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The rights of whistleblowers vs. the Federal Government

Written By | Jan 6, 2015

WASHINGTON, January 6, 2015 – The tendency of every institution is to protect its reputation, not confront problems.

When information about the danger cigarettes posed to health began to circulate, tobacco companies did everything possible to suppress the information.

The same is true for automobile manufacturers about defects in their cars, and for church groups about sexual improprieties on the part of their priests, ministers and rabbis.

Government acts in very much the same way.

We have managed to economize the truth Mark Twain wrote about.

Those presiding over such wrongdoing always believe that the truth can be suppressed. In the end, however, it usually appears on the front page of our newspapers and is repeated on our 24-hour cable news programs.

Often, these revelations come from courageous whistleblowers who risk their own futures for the public good and the truth.

Now before the Supreme Court is the case of a whistleblower who should have been thanked by the Transportation Security Agency (TSA) for preventing the agency from making a potentially disastrous mistake. Instead, it fired him.

Robert MacLean, an Air Marshal, protected the public by alerting it to a 2003 TSA decision to save money by canceling Air Marshal assignments on long-haul flights that would require hotel stays. He was fired for leaking information that he felt endangered the public and is seeking protection under a federal law protecting whistleblowers.MacLean contends that just after being briefed in 2003 about a potential terrorist attack, he received another TSA message:

Because of a budget shortfall, the agency was cutting back on the number of flights marshals could cover. McLean said he went to his boss, who told him to keep quiet, and then to the department’s inspector general.

Stymied at every turn, he leaked the information to a reporter for MSNBC. This caused a congressional uproar, and the Department of Homeland Security canceled the order within 24 hours, calling it “premature and a mistake.”

MacLean’s identity was not discovered until three years later, when he appeared in an “NBC Nightly News” segment about a different incident. His disguise on this broadcast “proved to be inadequate,” the government’s brief says, and the TSA fired him for disclosing what is known as “sensitive security information” (SSI). After several bouts of legal wrangling, the U.S. Court of Appeals for the Federal Circuit said MacLean was entitled to argue that he was protected by the federal Whistleblower Protection Act. His lawyer, Neal K. Katyal, says that, “People like Mr. MacLean promote the national security.”The Obama administration, perhaps the least transparent in memory, is eager to keep a tight lid on what the public can know about its machinations, as we have seen in its hesitancy to share information with the Congress about matters ranging from the politicization of the IRS to events in Benghazi.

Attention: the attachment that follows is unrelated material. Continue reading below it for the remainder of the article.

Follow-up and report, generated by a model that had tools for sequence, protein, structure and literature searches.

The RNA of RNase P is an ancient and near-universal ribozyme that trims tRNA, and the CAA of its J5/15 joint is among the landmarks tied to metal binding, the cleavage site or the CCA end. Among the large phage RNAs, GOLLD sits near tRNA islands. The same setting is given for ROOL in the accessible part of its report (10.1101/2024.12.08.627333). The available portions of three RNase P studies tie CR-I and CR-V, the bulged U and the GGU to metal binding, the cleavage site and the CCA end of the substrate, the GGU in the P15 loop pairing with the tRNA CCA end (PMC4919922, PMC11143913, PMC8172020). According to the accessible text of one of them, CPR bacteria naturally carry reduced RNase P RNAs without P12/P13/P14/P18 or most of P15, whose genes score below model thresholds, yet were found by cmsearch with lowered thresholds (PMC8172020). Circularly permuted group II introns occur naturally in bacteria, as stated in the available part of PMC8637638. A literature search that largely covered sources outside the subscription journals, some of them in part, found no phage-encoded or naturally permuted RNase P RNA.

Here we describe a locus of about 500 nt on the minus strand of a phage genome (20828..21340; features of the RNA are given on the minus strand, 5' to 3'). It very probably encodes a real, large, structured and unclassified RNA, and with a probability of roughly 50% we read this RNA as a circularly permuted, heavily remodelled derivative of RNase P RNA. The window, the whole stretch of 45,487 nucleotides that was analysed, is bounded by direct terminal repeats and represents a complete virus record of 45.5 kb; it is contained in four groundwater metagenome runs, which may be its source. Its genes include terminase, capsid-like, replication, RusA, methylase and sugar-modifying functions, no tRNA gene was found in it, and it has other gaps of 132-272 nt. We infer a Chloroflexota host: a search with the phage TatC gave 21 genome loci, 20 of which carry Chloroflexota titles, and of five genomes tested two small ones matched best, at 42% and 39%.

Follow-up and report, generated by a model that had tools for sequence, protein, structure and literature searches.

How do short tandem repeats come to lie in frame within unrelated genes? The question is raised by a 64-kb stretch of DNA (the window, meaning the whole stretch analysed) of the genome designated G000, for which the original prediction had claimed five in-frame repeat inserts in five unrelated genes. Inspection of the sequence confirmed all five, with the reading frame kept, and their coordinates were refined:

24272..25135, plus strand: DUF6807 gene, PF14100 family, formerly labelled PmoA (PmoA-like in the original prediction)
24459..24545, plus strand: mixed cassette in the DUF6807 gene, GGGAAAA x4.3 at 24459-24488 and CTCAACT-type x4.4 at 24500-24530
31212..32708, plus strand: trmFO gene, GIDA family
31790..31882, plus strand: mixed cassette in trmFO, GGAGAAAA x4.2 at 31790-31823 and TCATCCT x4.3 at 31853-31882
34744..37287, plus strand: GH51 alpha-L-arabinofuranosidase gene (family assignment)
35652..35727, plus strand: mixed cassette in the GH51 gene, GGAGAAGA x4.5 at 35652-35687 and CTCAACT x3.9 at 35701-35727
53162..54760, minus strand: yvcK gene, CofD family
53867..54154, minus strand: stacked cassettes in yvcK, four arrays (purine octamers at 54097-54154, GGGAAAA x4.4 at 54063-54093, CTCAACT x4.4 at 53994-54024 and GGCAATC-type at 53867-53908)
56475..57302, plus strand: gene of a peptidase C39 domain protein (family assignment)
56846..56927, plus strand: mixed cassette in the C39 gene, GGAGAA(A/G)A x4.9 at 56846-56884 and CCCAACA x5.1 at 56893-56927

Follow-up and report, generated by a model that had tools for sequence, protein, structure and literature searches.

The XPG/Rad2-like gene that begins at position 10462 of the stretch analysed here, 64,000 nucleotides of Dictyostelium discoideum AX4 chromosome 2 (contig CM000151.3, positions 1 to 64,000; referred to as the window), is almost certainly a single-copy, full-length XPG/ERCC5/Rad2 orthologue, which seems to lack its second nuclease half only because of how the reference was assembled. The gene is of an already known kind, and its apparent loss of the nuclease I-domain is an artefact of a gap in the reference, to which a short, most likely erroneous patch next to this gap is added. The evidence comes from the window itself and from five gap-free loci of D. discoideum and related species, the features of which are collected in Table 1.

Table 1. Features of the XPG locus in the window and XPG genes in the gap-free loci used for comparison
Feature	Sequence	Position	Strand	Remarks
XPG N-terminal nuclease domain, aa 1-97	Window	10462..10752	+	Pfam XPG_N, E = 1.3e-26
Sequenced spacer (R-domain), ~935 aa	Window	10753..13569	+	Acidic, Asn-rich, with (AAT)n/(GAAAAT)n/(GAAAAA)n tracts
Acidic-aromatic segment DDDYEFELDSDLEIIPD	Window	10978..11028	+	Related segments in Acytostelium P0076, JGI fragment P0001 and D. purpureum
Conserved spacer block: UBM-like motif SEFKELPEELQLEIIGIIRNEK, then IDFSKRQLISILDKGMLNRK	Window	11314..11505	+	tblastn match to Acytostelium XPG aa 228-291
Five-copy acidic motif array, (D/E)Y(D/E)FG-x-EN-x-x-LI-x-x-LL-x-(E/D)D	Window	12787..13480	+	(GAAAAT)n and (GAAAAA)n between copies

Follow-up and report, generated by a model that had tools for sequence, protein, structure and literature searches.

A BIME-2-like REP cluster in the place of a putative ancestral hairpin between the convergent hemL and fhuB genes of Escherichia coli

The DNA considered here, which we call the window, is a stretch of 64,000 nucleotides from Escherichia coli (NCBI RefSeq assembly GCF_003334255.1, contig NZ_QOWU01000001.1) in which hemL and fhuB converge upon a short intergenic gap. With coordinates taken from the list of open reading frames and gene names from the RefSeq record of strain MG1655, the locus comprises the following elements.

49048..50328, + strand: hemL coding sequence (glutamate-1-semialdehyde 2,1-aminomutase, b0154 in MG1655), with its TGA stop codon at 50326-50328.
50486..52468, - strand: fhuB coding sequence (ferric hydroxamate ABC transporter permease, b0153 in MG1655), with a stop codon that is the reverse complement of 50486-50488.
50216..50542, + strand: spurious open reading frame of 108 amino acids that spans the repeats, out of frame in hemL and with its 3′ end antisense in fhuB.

The government’s attorney in this case, Deputy Solicitor General Ian Gershengorn, wants strict limits placed upon who is protected by the Whistleblower Protection Act, a position greeted with skepticism by many of the Supreme Court justices. The Whistleblower Protection Act shields employees who disclose information that they reasonably believe exposes a “substantial and specific danger to public health and safety.” But the leaks are protected only “if such disclosure is not specifically prohibited by law.”

The appeals court found that the Aviation and Transportation Security Act provided only general guidelines about disclosing information, not a specific prohibition. The TSA regulations prohibiting disclosure of SSI did not qualify, the appeals court ruled.

The tone of the questions and comments from the Supreme Court justices  indicate support for Mr. MacLean.  When Mr. Gershengorn, the government attorney, argued that MacLean’s disclosures were prohibited by law, then acknowledged that it was actually an agency rule, Justice Antonin Scalia interrupted, “So it is prohibited by regulations—let’s not play games.”

A short time later, Justice Sonia Sotomayer told MacLean’s lawyer, “The facts are very much in your favor.”

The stakes in this case are high.  “The survival” of the federal whistleblower protection law passed in 1978 is at stake, said Tom Devine, legal director for the nonprofit Government Accountability Project, which represents MacLean.

A former Border Patrol agent who became an Air Marshal after the Sept. 11, 2001 terrorist attacks, Maclean questioned the TSA order through proper channels. He got no satisfaction and only then released the information, leading the TSA to reverse its decision because of the resulting public uproar.